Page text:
3. including property and shares.3 0/2 1/2 2/2 47 20 33 66 24 10 Many students confused investing with financing and wrote about borrowing funds for different activities. Responses relating to the difference between cash received from debtors and credit sales received no marks. Other answers such as cash drawings. Benefits of preparing a statement of cash flows Some responses were too general and did not relate to the benefits of actually producing a Statement of Cash Flows.4 0/2 1/2 2/2 44 43 12 .2 0/2 1/2 2/2 3.3. Students who focused on the buying and selling of non current assets. Cash versus profit There was a constraint to this question. were awarded full marks.2. the repayment of a loan. This also applied to responses relating to payments to creditors and cost of sales. which were irrelevant. buying of a non current asset and differences resulting from balance day adjustments were marked correct. The business only operated on cash terms and had no facilities for credit transactions. Other responses discussed the benefits of the Profit and Loss statement.

3.3.2 Other than theft. Over supply to customer.4 Calculation $2 000 + $3 600 = $5 600 (do not inlcude stock loss) Cost of Goods Sold 1. Ref. state one possible reason for a stock loss Reason Breakages.1 Calculation Assets – Liabilities $62 150 – $15 650 = Proprietorship = $46 500 Owner’s Equity $46 500 1 mark Stock card for 1.2. $5 600 1 mark Debit $ 3 600 3 600 Credit $ 10 50 60 50 2 000 3 600 500 30 50 1 500 40 Quantity BALANCE Unit Cost $ 50 50 60 50 Total Cost $ 4 000 4 000 3 600 2 000 27 Inv 68 Jun 28 COGS Stock control Debtors control Credit sales 5 600 5 600 10 000 10 000 1 + 2 = 3 marks . 1.Solutions Question 1 – Malson Traders 1.2.1.5 Date 2002 Jun 27 Stock control Creditors control GENERAL JOURNAL Accounts Post. Clerical error in stocktake.1 IN Date 2002 Details Quantity Unit Cost $ June 1 Balance 60 60 3 600 Bamboo Blinds – model 11332 EX OUT Total Cost $ Quantity Unit Cost $ Total Cost $ 80 80 60 28 Inv 233 40 60 30 Stock Loss 1 + 1 + 1 = 3 marks 1.2 and 1. 1 mark 1. Clerical error in stock recordings Under supply from supplier.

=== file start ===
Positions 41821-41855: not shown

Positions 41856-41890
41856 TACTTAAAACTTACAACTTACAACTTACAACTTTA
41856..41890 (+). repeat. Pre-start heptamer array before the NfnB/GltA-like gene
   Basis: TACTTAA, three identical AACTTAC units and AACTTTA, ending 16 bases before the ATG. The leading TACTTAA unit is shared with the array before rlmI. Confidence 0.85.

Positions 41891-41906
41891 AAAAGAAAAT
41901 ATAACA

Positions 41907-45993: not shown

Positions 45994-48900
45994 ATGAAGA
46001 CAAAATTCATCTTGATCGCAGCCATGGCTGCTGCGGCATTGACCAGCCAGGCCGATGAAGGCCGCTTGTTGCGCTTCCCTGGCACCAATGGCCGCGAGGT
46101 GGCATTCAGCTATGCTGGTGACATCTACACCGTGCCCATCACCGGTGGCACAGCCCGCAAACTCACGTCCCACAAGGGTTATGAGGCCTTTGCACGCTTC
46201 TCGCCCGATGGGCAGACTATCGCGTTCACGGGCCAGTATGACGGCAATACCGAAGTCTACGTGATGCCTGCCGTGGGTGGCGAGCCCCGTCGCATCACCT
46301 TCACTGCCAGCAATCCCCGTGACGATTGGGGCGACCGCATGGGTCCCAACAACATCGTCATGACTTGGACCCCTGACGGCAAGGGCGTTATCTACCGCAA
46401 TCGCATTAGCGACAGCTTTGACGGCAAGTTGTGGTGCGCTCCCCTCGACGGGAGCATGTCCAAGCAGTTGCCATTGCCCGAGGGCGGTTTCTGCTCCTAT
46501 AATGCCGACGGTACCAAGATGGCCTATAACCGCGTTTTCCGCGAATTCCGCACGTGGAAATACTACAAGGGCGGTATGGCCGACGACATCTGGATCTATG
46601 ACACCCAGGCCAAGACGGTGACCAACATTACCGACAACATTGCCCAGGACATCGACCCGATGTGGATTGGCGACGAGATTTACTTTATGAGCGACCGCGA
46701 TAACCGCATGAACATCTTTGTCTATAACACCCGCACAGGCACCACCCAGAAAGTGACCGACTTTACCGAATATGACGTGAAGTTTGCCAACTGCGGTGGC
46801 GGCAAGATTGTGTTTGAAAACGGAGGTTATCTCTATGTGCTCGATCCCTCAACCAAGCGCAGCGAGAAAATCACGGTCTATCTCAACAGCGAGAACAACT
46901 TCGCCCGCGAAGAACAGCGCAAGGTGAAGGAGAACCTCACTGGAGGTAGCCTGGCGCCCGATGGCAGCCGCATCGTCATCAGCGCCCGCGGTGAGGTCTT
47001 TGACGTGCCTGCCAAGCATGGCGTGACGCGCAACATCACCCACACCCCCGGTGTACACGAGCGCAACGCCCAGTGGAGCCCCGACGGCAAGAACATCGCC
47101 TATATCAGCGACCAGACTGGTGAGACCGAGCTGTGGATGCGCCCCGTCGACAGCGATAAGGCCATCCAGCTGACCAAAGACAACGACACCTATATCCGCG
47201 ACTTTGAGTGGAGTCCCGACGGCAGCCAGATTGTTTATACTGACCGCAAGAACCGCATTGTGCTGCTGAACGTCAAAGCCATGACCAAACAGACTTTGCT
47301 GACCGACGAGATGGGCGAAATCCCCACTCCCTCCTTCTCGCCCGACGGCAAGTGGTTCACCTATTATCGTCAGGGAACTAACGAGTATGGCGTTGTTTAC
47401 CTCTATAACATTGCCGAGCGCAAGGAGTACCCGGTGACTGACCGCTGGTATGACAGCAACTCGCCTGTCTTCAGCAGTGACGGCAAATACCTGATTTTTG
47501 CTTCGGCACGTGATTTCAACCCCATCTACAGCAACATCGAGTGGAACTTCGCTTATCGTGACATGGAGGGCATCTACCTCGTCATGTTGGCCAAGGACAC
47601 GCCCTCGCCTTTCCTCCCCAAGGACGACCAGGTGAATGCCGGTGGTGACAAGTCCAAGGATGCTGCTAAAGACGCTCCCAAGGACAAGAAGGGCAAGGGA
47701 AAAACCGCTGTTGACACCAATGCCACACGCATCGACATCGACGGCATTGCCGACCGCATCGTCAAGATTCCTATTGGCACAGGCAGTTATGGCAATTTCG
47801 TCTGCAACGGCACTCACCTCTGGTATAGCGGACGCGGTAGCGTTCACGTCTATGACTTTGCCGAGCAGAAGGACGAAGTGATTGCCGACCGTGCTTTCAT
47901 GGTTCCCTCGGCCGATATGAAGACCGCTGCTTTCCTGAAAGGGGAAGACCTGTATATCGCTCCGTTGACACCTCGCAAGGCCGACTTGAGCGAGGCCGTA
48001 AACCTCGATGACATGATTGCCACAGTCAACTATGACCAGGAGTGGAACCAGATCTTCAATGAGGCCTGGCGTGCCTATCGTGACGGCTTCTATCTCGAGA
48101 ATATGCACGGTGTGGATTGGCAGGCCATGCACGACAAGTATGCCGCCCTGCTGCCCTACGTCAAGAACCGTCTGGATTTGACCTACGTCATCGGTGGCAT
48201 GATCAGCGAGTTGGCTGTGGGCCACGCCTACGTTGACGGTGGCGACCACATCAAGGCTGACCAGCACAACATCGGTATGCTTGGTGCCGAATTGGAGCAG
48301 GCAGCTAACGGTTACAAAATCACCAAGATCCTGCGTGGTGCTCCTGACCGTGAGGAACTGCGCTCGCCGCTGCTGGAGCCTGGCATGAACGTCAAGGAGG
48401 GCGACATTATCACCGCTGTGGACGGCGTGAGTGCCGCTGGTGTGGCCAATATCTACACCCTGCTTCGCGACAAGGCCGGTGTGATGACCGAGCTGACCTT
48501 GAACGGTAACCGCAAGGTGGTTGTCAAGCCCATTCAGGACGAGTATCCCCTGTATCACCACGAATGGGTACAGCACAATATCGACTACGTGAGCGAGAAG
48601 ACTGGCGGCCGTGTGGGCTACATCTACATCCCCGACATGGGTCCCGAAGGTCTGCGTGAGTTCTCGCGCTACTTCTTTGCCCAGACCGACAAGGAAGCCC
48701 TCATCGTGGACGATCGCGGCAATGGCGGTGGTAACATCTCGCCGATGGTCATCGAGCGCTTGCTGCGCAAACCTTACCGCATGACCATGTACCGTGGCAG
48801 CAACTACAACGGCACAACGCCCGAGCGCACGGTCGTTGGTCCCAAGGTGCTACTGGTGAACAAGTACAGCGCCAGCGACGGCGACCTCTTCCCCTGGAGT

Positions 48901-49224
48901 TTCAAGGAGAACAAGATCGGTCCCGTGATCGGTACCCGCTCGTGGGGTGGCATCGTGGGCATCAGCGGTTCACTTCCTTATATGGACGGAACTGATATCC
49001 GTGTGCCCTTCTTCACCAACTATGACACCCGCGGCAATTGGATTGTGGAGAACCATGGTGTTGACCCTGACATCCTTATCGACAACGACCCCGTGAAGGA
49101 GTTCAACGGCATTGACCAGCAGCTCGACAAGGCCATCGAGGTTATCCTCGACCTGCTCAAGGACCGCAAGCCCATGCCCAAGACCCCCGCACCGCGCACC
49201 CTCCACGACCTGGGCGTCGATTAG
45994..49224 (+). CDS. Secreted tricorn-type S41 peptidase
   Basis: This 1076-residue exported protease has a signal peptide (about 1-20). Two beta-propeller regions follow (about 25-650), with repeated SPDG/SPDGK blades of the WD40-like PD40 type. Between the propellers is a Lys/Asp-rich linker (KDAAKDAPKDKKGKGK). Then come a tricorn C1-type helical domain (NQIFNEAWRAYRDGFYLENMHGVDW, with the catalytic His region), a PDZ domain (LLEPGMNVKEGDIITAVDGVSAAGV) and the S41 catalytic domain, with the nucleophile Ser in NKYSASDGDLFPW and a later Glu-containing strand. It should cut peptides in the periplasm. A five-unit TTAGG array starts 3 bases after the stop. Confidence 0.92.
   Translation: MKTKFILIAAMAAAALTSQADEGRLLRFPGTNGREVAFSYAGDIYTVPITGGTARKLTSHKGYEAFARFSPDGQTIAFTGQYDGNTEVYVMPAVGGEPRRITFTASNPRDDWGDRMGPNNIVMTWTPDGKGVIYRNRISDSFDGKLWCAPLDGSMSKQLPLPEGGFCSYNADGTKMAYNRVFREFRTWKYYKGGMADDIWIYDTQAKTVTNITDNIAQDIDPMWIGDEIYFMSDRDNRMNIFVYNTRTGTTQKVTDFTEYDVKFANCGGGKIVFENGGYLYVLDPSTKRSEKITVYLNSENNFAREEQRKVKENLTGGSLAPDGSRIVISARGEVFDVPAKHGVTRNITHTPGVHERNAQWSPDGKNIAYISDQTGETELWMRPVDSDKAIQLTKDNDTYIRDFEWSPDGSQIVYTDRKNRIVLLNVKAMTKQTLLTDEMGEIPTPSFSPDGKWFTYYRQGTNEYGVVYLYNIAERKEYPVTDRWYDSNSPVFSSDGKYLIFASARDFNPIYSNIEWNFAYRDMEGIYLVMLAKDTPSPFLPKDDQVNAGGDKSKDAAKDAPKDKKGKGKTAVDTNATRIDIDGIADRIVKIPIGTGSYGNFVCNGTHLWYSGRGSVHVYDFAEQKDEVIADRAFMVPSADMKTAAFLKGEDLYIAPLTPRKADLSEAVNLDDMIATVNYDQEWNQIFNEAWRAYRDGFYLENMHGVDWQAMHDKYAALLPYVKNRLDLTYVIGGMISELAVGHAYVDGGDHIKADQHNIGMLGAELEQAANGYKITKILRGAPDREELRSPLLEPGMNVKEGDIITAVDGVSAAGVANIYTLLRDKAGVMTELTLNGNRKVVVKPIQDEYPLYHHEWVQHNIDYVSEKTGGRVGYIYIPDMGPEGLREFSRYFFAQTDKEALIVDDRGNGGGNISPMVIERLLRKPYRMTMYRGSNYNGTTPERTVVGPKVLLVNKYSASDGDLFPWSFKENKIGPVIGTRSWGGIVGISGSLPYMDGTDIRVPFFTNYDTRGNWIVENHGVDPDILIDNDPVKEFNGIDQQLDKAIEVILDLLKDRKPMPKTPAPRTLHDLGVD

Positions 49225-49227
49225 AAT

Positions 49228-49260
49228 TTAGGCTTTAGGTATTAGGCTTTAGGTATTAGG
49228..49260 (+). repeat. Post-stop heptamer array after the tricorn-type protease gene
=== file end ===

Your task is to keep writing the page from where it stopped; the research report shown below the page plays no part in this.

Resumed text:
000 3 marks 1.000 CASH Date 2002 July 8 July 14 Particulars Post. Amount $ . CRJ1 Amount $ 15 000 Date 2002 July Particulars Post.7. CA 1 Amount $ CREDITOR CONTROL Date 2002 July Particulars Post. Ref.6.2 Date 2002 July Particulars Creditor Control STOCK CONTROL Post. and that any transactions between the business and the owner must be captured and recorded in the accounting records of the business. Ref.000 JOURNAL Cash Fees $ Debtors (extract) Sundries $ Debtors Control – Blind Specialists Capital $ 10 000 5 000 10. Amount $ Date 2002 July Particulars Stock Control Post. Ref. Creditor control – BAWG Ltd. Bank No. 10 000 5 000 15. Ref.000 5. 26 27 Total RECEIPTS CRJ1 Rec. Ref. PJ1 CL 1 Amount $ 1 000 CA 2 BANK Date 2002 July Particulars Cash Receipts Post.7. 109 1. PJ1 Amount $ 1 000 Date 2002 July Particulars Post.6. Ref. Ref.1 Effect (Overstated/Understated/No Change) Assets Liabilities Owner’s Equity Overstated (Stock Control) No Change Overstated 3 marks 1. Ref. 2 marks PJ 1 Amount $ 1 000 1. Invoice No.2 State the accounting principle that requires the accountant to recognise this transaction Accounting Principle Entity Justification That the business and the owner are separate entities for recording and reporting purposes.1 Date 2002 July 5 PURCHASES JOURNAL Particulars Post.1.